The magnitude of the benefit of OTC medications to the health care system is often underappreciated.
THE SCALE OF CURRENT OTC USE
The magnitude of the benefit of OTC medications to the health care system is often underappreciated. More than 240 million Americans use an OTC medication each year, with an estimated 60 million of those consumers relying solely on OTC medications for access to care and treatment.1 It’s estimated that the widespread use of OTC products saves the system more than $100 billion annually,1 and from the perspective of the vast majority of patients, physicians, and pharmacists, OTC products are safe, effective, and optimal alternatives to many prescription-only products.2 OTC products are an important pillar of our health care system, from a clinical perspective (increased access and availability to medications) and an economic perspective (avoiding unnecessary use of higher levels of care).2
THE FIRST LINE OF CARE
More than 80% of adults seek OTC products as their first response to minor ailments,3 with self-treatment allowing for 24-hour-a-day access to treatment in most cities and neighborhoods, and even in rural areas through multiple retail outlets, such as gas stations. The essence of our “advanced” health care system is often considered to be in the mold of specialists such as oncologists, procedures such as open heart surgery, technology such as magnetic resonance imaging machines, facilities such as level-1 trauma centers, and the latest monoclonal antibody treatments. However, nearly half of the medications consumed by our population comes under the regulatory and practice umbrellas of OTC products, with 2.9 billion annual trips to OTC retailers.
OTC PRODUCTS ARE AN IMPORTANT PART OF YOUR PRACTICE
The important role of pharmacies and pharmacists in treatment unrelated to a prescription is often neglected. Consider that nearly every OTC medication on the market today was once a prescription-only product at some point in its product lifecycle. And, in most cases, these former prescription-only products are perceived as equally safe and effective as their prescription- only cousins and ancestors. Just because a product doesn’t require a prescription, doesn’t mean it isn’t equally important to the system and to the patient!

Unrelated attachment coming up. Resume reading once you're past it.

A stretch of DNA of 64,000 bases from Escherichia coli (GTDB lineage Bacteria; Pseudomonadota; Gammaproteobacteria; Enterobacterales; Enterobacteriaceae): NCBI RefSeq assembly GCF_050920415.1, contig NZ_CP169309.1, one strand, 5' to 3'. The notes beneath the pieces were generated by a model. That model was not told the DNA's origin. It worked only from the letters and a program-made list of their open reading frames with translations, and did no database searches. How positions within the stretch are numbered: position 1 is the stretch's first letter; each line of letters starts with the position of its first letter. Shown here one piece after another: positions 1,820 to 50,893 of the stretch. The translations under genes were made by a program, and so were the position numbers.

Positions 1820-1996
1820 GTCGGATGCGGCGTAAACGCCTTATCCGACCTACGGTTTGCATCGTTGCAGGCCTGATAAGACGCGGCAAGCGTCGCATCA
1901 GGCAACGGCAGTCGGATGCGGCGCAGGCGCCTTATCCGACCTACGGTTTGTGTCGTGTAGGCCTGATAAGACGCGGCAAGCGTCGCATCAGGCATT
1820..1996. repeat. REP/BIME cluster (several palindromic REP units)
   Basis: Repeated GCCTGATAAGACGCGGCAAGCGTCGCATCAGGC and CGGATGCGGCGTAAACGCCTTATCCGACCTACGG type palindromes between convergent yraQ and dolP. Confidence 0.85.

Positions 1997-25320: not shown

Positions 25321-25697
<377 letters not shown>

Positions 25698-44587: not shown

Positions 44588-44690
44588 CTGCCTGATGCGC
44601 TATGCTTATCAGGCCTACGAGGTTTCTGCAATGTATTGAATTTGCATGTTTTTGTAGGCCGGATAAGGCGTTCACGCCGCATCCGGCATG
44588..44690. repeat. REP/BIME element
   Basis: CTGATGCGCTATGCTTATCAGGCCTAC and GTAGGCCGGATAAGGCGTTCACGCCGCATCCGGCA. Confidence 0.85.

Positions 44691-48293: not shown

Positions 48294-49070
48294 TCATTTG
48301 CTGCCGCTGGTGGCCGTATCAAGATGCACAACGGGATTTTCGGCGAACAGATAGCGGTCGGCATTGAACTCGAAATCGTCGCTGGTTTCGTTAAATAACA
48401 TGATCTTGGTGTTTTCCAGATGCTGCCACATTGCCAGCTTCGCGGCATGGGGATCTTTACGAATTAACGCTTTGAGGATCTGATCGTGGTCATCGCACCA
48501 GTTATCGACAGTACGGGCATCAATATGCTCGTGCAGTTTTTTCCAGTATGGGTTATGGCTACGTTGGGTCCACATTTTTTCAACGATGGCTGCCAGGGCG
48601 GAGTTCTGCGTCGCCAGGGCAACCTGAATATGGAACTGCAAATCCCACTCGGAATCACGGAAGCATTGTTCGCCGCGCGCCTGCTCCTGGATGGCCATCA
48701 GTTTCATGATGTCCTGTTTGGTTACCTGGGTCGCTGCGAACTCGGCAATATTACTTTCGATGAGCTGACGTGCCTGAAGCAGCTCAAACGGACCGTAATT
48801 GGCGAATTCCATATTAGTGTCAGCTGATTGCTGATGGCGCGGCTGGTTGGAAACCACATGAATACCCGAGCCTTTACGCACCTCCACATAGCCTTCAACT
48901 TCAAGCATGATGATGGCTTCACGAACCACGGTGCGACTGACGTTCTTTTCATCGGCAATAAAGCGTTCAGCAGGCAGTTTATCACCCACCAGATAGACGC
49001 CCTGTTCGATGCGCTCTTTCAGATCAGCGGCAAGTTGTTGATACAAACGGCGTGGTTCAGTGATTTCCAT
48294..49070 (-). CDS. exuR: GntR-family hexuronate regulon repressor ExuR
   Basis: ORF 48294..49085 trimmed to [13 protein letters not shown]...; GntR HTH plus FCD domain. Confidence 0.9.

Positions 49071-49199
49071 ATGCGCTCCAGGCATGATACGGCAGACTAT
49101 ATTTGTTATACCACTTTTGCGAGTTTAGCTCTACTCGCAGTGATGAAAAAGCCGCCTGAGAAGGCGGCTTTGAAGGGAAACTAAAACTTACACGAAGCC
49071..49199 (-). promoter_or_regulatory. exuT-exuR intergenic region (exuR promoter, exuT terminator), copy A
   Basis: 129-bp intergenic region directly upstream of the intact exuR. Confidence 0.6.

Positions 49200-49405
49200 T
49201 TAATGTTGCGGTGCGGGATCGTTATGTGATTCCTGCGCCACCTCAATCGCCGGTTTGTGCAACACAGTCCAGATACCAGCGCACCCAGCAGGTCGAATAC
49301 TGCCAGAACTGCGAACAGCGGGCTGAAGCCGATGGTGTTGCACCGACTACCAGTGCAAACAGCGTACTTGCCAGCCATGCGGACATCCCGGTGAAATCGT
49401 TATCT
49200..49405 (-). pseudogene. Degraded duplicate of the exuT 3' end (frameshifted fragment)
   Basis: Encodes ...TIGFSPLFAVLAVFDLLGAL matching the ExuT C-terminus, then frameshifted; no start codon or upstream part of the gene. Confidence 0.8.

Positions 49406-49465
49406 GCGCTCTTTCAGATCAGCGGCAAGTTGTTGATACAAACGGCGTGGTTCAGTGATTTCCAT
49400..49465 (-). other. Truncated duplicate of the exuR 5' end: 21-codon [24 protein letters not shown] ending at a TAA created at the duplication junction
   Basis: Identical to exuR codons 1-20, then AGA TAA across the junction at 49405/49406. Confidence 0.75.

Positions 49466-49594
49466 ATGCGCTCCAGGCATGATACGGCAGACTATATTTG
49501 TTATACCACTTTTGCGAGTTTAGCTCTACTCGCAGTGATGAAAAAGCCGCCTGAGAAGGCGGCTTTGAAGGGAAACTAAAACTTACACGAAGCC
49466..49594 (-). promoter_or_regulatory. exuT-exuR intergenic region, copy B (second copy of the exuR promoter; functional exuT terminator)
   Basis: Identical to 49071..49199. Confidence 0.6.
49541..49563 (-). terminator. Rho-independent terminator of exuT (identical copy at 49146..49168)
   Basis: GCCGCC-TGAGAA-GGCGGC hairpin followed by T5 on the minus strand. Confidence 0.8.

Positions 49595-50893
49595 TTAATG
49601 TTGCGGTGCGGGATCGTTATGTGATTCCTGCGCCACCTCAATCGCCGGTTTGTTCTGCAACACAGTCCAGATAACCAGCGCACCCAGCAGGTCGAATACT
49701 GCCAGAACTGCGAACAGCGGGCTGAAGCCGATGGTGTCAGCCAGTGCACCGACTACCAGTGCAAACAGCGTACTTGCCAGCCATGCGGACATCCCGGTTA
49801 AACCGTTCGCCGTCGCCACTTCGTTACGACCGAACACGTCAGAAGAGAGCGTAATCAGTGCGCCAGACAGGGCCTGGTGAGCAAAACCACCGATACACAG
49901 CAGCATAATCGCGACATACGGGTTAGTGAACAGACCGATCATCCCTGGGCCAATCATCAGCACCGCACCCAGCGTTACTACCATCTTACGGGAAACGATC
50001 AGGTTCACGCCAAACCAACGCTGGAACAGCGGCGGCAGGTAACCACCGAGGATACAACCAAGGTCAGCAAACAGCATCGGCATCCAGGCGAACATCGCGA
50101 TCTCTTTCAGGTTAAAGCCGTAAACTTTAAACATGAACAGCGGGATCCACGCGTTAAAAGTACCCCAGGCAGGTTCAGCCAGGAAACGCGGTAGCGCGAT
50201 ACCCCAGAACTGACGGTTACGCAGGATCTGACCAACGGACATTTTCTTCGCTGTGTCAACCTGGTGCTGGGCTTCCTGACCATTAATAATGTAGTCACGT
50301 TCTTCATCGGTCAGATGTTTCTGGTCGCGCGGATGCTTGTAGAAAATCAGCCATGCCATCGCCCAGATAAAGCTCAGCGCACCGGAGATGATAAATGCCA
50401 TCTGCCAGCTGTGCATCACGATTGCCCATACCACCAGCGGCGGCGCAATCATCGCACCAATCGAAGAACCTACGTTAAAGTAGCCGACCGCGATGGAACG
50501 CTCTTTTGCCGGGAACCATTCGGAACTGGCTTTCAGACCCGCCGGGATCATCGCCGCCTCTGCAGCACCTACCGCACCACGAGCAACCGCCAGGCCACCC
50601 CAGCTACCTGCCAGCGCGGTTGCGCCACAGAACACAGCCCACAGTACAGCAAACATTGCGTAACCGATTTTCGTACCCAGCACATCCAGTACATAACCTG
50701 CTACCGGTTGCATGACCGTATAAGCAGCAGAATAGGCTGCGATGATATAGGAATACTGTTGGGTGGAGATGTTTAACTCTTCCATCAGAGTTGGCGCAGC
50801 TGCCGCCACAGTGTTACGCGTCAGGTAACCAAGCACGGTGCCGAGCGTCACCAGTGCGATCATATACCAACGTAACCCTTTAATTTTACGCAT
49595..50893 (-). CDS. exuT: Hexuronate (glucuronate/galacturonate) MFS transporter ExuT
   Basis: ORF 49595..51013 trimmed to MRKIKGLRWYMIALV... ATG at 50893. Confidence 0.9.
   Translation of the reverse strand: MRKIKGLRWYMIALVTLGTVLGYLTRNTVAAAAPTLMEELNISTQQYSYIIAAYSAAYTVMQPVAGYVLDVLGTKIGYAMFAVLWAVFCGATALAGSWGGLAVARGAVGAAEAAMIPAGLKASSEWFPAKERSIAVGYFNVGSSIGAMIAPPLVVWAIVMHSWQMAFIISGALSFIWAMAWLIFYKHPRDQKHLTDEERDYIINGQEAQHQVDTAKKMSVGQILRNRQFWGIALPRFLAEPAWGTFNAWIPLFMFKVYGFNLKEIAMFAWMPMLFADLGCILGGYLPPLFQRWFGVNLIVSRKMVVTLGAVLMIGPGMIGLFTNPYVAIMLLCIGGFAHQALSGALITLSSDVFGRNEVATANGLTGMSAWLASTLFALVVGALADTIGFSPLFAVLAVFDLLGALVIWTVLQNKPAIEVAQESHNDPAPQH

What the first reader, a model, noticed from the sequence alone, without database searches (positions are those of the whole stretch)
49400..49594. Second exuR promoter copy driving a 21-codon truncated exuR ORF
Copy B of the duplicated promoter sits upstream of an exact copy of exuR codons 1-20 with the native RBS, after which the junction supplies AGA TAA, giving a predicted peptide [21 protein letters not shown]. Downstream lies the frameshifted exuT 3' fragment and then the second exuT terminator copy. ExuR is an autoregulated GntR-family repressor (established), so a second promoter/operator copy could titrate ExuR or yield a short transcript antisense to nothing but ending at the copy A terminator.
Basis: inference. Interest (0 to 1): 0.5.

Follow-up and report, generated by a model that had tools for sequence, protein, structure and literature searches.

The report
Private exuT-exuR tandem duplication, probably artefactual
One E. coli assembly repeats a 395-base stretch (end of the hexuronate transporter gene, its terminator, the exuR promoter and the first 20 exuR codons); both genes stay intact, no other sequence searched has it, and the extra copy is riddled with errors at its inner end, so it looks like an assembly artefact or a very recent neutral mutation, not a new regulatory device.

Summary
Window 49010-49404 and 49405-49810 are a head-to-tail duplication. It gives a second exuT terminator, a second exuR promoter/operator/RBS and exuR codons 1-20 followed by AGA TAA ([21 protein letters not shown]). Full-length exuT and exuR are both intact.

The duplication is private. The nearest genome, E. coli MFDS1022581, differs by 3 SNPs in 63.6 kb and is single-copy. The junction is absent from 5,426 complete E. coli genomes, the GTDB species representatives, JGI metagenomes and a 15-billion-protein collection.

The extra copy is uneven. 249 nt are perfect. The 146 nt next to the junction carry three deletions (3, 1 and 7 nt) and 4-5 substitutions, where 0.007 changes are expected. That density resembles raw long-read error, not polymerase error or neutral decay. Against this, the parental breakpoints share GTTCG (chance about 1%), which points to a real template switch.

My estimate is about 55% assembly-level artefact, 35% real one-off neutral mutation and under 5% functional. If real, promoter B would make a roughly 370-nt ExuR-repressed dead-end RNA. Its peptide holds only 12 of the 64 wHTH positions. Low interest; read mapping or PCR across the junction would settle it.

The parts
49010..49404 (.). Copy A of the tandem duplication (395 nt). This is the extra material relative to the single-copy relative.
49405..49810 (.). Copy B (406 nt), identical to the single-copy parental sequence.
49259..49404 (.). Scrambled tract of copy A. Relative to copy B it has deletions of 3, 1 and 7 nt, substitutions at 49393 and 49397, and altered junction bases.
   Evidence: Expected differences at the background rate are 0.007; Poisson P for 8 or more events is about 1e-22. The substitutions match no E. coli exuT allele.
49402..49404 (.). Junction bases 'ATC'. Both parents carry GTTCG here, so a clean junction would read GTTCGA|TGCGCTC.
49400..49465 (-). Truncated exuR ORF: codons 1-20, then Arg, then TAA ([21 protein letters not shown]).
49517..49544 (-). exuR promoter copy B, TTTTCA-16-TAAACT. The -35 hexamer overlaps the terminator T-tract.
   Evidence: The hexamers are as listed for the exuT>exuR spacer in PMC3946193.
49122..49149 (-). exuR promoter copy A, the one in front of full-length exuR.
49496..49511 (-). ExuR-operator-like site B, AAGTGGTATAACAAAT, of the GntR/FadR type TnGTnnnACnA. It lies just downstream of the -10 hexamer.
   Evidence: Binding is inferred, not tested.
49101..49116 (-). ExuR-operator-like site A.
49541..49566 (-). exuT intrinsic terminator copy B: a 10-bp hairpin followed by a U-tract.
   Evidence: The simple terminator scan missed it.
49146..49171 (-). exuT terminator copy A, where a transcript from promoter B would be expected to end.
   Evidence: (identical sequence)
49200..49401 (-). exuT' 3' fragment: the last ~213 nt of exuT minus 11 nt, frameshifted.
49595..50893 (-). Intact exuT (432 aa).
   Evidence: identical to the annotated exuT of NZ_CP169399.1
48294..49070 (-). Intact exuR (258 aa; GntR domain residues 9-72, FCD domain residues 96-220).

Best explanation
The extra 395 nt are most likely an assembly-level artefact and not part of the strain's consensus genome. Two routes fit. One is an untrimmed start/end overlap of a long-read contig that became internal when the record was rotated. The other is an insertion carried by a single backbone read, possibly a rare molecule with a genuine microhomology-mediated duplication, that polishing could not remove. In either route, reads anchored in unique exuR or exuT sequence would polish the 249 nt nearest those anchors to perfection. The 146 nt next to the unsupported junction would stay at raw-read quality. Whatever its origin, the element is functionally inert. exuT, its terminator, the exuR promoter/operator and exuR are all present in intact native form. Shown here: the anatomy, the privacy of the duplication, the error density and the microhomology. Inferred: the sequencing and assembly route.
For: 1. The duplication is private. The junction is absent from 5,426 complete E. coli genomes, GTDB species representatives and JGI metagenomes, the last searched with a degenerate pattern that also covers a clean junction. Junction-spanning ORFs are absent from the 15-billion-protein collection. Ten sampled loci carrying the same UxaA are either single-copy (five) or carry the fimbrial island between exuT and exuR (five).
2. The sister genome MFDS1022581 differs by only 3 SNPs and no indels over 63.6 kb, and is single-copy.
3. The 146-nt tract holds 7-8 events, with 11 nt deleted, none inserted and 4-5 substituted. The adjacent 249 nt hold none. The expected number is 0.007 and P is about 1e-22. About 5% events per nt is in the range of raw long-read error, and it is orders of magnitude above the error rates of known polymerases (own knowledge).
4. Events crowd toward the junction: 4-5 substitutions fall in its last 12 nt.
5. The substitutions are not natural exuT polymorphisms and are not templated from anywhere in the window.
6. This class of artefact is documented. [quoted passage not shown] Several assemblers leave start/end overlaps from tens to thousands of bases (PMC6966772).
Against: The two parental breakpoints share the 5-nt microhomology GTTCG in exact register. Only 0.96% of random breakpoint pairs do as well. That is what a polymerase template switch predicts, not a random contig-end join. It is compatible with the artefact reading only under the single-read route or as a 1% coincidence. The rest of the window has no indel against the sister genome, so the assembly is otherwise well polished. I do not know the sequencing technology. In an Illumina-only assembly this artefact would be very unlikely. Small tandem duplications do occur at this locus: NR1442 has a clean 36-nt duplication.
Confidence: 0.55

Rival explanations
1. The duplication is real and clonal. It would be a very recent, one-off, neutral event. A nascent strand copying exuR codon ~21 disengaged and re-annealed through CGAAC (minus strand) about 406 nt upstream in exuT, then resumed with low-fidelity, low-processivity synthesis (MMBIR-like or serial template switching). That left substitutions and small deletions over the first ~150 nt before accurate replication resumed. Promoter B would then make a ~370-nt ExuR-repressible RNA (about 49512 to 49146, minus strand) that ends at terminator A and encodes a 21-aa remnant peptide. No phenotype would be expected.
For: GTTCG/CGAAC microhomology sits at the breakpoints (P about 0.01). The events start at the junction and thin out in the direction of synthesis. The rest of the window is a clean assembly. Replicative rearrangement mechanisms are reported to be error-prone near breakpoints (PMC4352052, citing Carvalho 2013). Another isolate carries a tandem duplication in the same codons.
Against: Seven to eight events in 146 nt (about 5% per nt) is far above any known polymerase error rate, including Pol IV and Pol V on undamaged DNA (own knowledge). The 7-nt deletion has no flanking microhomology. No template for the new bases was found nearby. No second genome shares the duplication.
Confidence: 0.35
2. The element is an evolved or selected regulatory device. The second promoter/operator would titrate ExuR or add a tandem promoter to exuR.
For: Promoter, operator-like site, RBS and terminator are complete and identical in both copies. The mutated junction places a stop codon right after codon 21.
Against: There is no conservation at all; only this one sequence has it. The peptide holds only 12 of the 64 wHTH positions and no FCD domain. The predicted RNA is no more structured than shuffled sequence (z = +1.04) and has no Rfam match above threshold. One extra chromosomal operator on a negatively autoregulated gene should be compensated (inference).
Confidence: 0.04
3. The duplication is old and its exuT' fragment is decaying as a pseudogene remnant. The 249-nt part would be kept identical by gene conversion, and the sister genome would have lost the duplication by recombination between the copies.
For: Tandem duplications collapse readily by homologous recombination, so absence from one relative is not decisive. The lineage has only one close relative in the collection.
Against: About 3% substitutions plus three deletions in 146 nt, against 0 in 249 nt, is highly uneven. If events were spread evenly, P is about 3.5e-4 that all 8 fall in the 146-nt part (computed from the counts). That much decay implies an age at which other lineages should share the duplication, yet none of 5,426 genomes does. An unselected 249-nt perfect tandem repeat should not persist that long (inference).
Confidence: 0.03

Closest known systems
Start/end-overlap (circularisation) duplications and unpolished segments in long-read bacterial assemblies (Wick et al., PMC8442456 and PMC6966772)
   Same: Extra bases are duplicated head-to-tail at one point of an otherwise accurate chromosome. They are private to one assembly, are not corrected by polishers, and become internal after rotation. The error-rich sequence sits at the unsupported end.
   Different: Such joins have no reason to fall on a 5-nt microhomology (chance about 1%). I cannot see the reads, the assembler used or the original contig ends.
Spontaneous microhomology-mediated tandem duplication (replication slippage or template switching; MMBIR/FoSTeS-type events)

So it’s remarkable how little attention we pharmacists give toward educating ourselves on the latest trends, clinical findings, and therapeutic options in the OTC space. Pharmacists should view OTC products as a core, not an ancillary, part of their clinical practice and continue to maintain and grow their OTC product acumen. We should maintain OTC medications in our patient medication lists and clinical reviews. We should include these medications in our patient-centered drug use plans. We should keep abreast of literature that speaks to the safe and effective use of OTC products.
With this 20th edition of the OTC Guide, Pharmacy Times is again providing you with survey findings of your peers’ preferred OTC products alongside information and tools you need to make effective and informed OTC recommendations for your patients. Enjoy.
Troy Trygstad, PharmD, PhD, MBA, is vice president of Pharmacy Programs for Community Care of North Carolina (CCNC), which works collaboratively with more than 1800 medical practices to serve more than 1.6 million Medicaid, Medicare, commercially insured, and uninsured patients. He received his PharmD and MBA degrees from Drake University and a PhD in pharmaceutical outcomes and policy from the University of North Carolina.